Time and time again, the Lafayette Parish School Board shows an overwhelming tendency toward idiocy, but Wednesday night’s contentious discussion over Northside High School’s teen mother program tops the list of dumb discussions.
“The accomplishment of this goal within the next ten years is not only critical for the region to effectively compete with other regions for residents and businesses, but also to provide an amenity for everyone in Acadiana to enjoy.”
Education Superintendent John White says a continued push to try to keep Louisiana from using tests associated with the Common Core education standards are creating "a state of chaos" for public school teachers.
Gov. Bobby Jindal's plan to use $210 million in surplus and one-time money to help balance next year's budget received the backing Thursday of the State Bond Commission, support that was needed for the maneuver to work.
State wildlife and fisheries agents have arrested a 39-year-old man accused of stealing crawfish.
An East Feliciana Parish lawmaker has jettisoned his proposal to make it harder for a condemned prisoner to appeal a death sentence.
Senators advanced a proposal Wednesday that would let the governor remove New Orleans-area levee board members for violating what he considers to be public policy, despite concerns it would introduce political meddling into state flood protection.
The Lafayette City-Parish Council on Tuesday will vote on a resolution that if approved would clear the way for a December ballot proposition asking voters to approve a 1-cent sales tax parishwide to help fund the construction of a new terminal at Lafayette Regional Airport.
Just days before the fourth anniversary of the 2010 Deepwater Horizon disaster and oil spill, the Coast Guard has moved cleanup of Louisiana's coast to a new phase, allowing BP to end its "active" efforts in the area.
Legislators still must leave their guns at the door of the Louisiana Capitol.
Sen. Fred Mills may have an "R" behind his name, but his actions in the Louisiana Legislature transcend the established boundaries of his party.
The Louisiana House overwhelmingly rejected a repeal of the state's unconstitutional anti-sodomy law Tuesday.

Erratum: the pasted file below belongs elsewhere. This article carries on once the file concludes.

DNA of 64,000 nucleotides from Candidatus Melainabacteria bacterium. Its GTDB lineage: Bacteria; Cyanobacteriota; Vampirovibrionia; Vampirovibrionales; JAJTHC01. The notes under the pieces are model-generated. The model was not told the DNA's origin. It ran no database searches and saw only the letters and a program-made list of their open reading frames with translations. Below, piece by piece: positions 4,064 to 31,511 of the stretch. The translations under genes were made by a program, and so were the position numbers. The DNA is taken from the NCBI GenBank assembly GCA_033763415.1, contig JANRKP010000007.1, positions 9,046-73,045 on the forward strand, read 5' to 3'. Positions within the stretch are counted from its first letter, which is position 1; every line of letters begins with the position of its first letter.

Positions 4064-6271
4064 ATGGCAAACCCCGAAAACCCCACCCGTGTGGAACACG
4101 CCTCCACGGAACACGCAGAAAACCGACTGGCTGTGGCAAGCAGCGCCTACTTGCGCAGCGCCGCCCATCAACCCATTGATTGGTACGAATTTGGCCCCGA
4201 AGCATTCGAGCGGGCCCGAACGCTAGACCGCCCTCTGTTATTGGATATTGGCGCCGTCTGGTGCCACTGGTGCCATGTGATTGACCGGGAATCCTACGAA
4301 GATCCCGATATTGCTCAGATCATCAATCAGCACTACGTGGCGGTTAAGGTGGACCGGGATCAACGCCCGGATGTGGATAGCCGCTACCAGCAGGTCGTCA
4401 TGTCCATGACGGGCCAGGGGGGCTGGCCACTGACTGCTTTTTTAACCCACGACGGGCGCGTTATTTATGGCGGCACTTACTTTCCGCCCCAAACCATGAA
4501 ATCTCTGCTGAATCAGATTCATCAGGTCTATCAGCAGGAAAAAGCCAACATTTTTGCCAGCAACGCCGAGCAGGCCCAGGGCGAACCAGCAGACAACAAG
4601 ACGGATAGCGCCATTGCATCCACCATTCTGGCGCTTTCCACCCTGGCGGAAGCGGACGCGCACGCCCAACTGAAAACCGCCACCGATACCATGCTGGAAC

The Louisiana Senate sided with Gov. Bobby Jindal and the oil industry Tuesday, agreeing to void a lawsuit that a south Louisiana flood board filed against more than 90 oil and gas companies for coastal damage.
Acadian rep notifies would-be supporters that an April 25 fundraiser for the embattled U.S. rep won’t go on as planned.
While it isn’t all too unusual for public bodies to have hired security present during meetings, the LPSB’s push to do so is arguably a response to the antics of one board member.
“I’m running. Why would I be raising all this money? Just to have to return it to people?”
With incumbent U.S. Sen. Mary Landrieu watching from afar, and with a united Democratic Party in her corner, the fight to get the GOP officially behind Congressman Bill Cassidy is gaining just as much momentum as it is hushed controversy.
15th Judicial District Judge Durwood Conque has announced that he will not seek re-election after 27 years on the bench.
The controversial standardized tests are set to be used in third-grade through eighth-grade public school classrooms next year.
The Louisiana Senate has agreed to prohibit unmanned aircraft from flying over chemical plants, water treatment systems, telecommunications networks and other items considered "critical infrastructure" in Louisiana.
It didn’t take long for KATC TV 3 to jump all over the news of a dead body found in Girard Park, but in its rush to produce headlines, the local TV station got sloppy.
An unholy trinity of civil-society upheavalers whose first names are not Conner, Tanner or Logan are facing charges in Eunice.
Now that lawmakers have shot down efforts to cap annual interest rates for payday loans, supporters for stricter regulations of the storefront lenders are rallying behind another strategy.